Reading and Writing

, Volume 32, Issue 2, pp 439–466 | Cite as

Differential contribution of psycholinguistic and cognitive skills to written composition in Chinese as a second language

  • Che Kan LeongEmail author
  • Mark Shiu Kee Shum
  • Chung Pui Tai
  • Wing Wah Ki
  • Dongbo Zhang


This study examined the contribution of the constructs of orthographic processing (orthographic choice and orthographic choice in context), syntactic processing (grammaticality and sentence integrity), and verbal working memory (two reading span indicators) to written Chinese composition (narration, explanation, and argumentation) in 129 15-year-old L2 learners. A matrix task was also administered as a control task to tap cognitive flexibility. Structural equation modeling (SEM) analysis with written composition as a latent variable revealed orthographic processing and working memory as two significant, independent contributors, whereas the unique contribution of syntactic processing was not significant. Subsequent SEM analysis with narration, explanation, and argumentation as separate endogenous variables found varied patterns of the contribution of each latent predictor to written composition in different genres. These patterns are discussed in light of the importance of attention to learners’ developmental stage and genre-sensitive measures to capture the psycholinguistic and cognitive underpinnings of written composition in L2 Chinese.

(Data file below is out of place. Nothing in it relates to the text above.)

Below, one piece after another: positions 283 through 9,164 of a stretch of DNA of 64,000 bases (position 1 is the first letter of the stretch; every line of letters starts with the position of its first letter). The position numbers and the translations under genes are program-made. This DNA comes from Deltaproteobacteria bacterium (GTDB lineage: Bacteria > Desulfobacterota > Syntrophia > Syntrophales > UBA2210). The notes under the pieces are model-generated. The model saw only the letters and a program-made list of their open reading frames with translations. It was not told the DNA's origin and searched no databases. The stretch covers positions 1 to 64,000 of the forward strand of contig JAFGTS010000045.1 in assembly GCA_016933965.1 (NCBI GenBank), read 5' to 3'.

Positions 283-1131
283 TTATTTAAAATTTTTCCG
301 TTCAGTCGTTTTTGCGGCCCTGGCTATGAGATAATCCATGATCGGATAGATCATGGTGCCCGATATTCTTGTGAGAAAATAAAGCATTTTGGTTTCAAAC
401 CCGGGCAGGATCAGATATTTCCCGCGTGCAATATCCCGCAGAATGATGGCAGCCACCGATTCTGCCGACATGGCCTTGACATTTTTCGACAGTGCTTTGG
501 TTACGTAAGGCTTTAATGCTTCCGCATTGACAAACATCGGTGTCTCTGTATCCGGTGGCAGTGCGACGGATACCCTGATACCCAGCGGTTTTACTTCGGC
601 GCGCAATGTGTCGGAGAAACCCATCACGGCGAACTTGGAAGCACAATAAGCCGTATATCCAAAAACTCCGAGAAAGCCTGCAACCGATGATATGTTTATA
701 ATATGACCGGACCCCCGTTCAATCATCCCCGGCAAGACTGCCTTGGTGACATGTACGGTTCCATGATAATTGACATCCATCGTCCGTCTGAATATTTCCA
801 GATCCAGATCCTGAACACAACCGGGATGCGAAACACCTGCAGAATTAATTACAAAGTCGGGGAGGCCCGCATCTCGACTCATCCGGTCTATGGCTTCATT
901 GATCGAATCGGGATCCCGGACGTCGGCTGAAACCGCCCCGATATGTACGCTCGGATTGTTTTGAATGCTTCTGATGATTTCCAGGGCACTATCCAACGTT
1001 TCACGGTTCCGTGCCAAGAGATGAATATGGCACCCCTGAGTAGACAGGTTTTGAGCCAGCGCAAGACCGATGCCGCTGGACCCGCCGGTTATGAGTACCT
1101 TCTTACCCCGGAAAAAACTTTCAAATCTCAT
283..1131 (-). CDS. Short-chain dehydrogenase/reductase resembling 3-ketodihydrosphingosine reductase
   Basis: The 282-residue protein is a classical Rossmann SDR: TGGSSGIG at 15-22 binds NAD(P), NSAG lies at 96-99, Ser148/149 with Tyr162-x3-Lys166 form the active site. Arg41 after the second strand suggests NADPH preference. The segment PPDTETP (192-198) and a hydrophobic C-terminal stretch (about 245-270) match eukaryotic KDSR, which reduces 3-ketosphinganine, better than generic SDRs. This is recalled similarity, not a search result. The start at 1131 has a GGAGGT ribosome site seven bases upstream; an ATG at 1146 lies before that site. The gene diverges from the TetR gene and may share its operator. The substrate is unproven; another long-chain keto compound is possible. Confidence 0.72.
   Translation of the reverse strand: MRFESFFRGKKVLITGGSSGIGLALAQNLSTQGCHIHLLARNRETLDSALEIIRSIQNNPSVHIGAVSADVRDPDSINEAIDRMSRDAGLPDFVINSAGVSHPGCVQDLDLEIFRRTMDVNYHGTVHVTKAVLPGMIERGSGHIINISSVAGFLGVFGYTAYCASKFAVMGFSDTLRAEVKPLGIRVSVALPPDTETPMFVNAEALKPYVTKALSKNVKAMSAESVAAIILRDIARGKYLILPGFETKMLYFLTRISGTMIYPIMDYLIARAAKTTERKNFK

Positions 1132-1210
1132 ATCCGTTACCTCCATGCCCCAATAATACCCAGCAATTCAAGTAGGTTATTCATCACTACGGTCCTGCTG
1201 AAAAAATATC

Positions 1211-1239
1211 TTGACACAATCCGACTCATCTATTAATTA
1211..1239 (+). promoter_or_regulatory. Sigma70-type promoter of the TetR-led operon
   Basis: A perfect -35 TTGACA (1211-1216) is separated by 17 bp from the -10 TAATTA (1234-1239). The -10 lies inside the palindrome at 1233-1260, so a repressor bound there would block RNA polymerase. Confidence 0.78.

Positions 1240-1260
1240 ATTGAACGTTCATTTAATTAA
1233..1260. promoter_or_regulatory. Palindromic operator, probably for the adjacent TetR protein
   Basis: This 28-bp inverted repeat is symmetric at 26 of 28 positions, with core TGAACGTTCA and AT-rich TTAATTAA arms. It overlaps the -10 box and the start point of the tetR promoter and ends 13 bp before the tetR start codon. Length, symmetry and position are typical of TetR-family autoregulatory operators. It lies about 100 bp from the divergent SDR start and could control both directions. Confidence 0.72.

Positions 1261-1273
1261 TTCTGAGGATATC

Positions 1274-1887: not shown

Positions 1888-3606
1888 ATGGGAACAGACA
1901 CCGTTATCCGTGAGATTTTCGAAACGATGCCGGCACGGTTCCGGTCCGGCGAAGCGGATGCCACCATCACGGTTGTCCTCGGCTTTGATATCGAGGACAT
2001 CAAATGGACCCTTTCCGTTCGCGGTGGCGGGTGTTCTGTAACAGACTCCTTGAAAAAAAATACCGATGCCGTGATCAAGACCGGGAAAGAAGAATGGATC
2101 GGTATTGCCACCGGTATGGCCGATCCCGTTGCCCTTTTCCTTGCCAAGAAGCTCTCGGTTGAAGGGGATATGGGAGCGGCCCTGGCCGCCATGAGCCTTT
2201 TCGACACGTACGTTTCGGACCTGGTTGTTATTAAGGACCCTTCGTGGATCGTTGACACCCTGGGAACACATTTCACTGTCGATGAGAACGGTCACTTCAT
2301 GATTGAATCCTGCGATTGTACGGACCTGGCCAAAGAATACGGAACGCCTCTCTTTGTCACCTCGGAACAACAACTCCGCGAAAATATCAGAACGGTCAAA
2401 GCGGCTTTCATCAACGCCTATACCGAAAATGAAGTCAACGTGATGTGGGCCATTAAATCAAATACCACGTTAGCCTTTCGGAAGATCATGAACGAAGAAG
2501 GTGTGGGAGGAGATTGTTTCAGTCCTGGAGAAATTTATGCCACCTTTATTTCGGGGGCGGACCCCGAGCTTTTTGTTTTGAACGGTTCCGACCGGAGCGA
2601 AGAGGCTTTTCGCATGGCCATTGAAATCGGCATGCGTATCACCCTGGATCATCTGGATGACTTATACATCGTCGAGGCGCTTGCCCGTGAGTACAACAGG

Written composition Chinese as a second language Working memory Orthographic processing Sentence processing 



The study was assisted with a Grant from the Hong Kong Education Bureau. The views expressed are ours and do not necessarily represent those of HKEDB. We thank the teachers, students and our assistants for their work in the study.


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Copyright information

© Springer Science+Business Media B.V., part of Springer Nature 2018

Authors and Affiliations

  • Che Kan Leong
    • 1
    Email author
  • Mark Shiu Kee Shum
    • 2
  • Chung Pui Tai
    • 2
  • Wing Wah Ki
    • 2
  • Dongbo Zhang
    • 3
  1. 1.Department of Educational Psychology and Special EducationUniversity of SaskatchewanSaskatoonCanada
  2. 2.Faculty of EducationUniversity of Hong KongHong KongChina
  3. 3.Graduate School of EducationUniversity of ExeterExeterUK

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